When you think about dividend stocks, biotechs probably don't immediately come to mind. However, a handful of the largest biotechs offer dividends.
Gilead Sciences' (GILD -0.06%) dividend program especially stands out. The company arguably offers the best dividend of any biotech. But is Gilead a great dividend stock?
What makes a dividend stock great?
To answer the question, we first need to establish exactly what makes a dividend stock great. One important factor is obvious: an attractive dividend yield. The average dividend yield for the S&P 500 is 1.8%. To be viewed as a great dividend stock, a company should offer a much higher yield than that. A dividend yield of 3% would probably be a minimum threshold, although some might push for an even higher level of at least 4%.
Another critical criterion for determining if a given dividend stock is truly great is the company's track record of dividend increases. The greatest stocks on this front are Dividend Aristocrats and Dividend Kings. The former are members of the S&P 500 with at least 25 consecutive years of dividend hikes. The latter group raises the bar to 50 years in a row of dividend increases.
There's a good argument to be made, though, that a company doesn't have to be a Dividend Aristocrat or Dividend King to qualify as a great dividend stock. For example, the stocks of companies that have steadily increased their dividends by significant amounts for extended periods, albeit shorter ones than 25 years, could be better picks than Dividend Aristocrats that have barely increased their dividends each year. With this in mind, let's go with an admittedly arbitrary threshold for greatness: at least seven consecutive years of dividend increases, with a minimum average increase of 10%.
Past performance is good, but it's even more important that a company be able to keep increasing its dividend in the future. One commonly used metric to measure the sustainability of a company's dividend is its payout ratio -- the amount it pays in dividends, divided by its total earnings. A great dividend stock should have a relatively low payout ratio, ideally no higher than 50%.
How Gilead measures up
Gilead fares really well on the first criterion for dividend greatness: The biotech's dividend currently yields north of 4.5%. However, Gilead only recently topped the 4% minimum yield that some investors might prefer. Over the last five years, the stock's dividend yield was typically well below 4%.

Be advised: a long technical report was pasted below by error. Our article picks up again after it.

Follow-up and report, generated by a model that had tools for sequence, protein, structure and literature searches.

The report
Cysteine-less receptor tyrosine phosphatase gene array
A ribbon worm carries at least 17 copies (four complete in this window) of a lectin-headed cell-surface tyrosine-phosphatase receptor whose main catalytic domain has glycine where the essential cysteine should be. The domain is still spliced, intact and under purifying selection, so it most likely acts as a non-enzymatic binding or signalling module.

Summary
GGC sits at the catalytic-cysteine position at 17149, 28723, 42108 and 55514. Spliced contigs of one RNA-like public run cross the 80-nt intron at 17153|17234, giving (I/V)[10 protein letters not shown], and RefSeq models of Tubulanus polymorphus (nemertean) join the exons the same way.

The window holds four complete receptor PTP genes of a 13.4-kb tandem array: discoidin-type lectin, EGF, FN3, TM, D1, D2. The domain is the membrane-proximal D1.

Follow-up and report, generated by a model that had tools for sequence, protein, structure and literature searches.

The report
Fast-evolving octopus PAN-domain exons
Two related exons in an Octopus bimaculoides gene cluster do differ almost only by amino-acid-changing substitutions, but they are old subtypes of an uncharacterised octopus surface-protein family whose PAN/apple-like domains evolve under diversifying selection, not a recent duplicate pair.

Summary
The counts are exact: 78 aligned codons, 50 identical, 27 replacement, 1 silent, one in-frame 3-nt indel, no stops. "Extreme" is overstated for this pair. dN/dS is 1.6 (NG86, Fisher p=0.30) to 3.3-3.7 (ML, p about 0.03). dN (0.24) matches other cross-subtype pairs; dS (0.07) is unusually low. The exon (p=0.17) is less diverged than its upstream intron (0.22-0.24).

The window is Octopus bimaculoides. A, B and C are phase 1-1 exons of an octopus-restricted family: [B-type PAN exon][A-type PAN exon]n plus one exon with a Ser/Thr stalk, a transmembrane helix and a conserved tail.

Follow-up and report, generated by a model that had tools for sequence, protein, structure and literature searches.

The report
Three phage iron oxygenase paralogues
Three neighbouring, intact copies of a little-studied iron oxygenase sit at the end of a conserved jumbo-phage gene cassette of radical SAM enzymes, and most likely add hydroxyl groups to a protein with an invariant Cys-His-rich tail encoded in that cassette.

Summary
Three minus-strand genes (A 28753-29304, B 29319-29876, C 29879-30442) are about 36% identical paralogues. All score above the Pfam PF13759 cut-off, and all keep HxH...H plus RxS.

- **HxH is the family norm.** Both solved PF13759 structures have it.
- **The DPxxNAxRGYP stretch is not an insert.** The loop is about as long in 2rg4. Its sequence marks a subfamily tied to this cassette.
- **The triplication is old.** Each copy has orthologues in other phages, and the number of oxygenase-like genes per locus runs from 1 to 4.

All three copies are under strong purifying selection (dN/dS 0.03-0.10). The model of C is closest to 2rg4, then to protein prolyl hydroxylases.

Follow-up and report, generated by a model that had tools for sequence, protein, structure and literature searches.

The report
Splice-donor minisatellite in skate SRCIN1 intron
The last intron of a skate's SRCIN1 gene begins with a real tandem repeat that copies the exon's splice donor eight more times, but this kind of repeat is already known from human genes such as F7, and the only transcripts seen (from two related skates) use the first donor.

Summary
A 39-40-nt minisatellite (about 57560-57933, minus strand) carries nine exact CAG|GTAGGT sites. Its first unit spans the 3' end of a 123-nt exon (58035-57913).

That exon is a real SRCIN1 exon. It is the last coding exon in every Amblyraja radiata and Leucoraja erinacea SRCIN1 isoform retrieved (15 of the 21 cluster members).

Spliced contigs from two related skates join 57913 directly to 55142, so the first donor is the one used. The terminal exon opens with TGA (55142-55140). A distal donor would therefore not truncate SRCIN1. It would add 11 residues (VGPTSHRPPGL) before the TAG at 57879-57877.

The company initiated its dividend program in 2015. The good news is that Gilead has increased its payout every year since then. Overall, the biotech has boosted its dividend by more than 58%. The bad news, though, is that track record isn't long enough to meet the minimum threshold we established earlier.
Gilead's payout ratio currently stands at over 270%. That sky-high metric is several times greater than our 50% target. There's a problem with payout ratios, though: They use earnings based on generally accepted accounting principles (GAAP), which can sometimes make a company's bottom line look weaker than it really is.
That's the case with Gilead. The biotech's acquisitions and collaborations reduced its GAAP earnings in 2020 and made its payout ratio shoot through the roof. The reality is that Gilead appears to be in a strong position to keep its dividends flowing and growing well into the future.
Where Gilead especially falls short
There's one other thing that makes a dividend stock great that wasn't mentioned earlier. A truly great dividend stock won't just provide an attractive and increasing dividend to investors; it will also deliver solid gains over the long run. This is where Gilead falls particularly short.
Over the last five years, Gilead stock has fallen more than 40%. So far in 2020, the biotech's shares are in negative territory, while the overall stock market has risen.
Gilead faces several headwinds. Its hepatitis C treatment franchise continues to flounder. The company's HIV drugs Biktarvy and Descovy are performing well, but sales are slipping for its older Truvada-based HIV drugs. Gilead had high hopes for autoimmune-disease drug filgotinib, but the FDA gave a thumbs-down to the drug earlier this year as a potential treatment for rheumatoid arthritis.
What about Gilead's COVID-19 therapy Veklury (remdesivir)? Sales are booming for now. Trouble could be in store, though, as the World Health Organization recently recommended against its use in treating COVID-19, saying there's not enough evidence that it actually helps patients with the coronavirus-caused disease.
Maybe Gilead's acquisitions to bolster its oncology pipeline could enable the company to return to growth. However, it's too soon to know if the biotech's deals will pay off.
For now, Gilead qualifies as a reasonably good dividend stock for investors who aren't concerned about growth. But is Gilead a great dividend stock? The answer is clearly "no."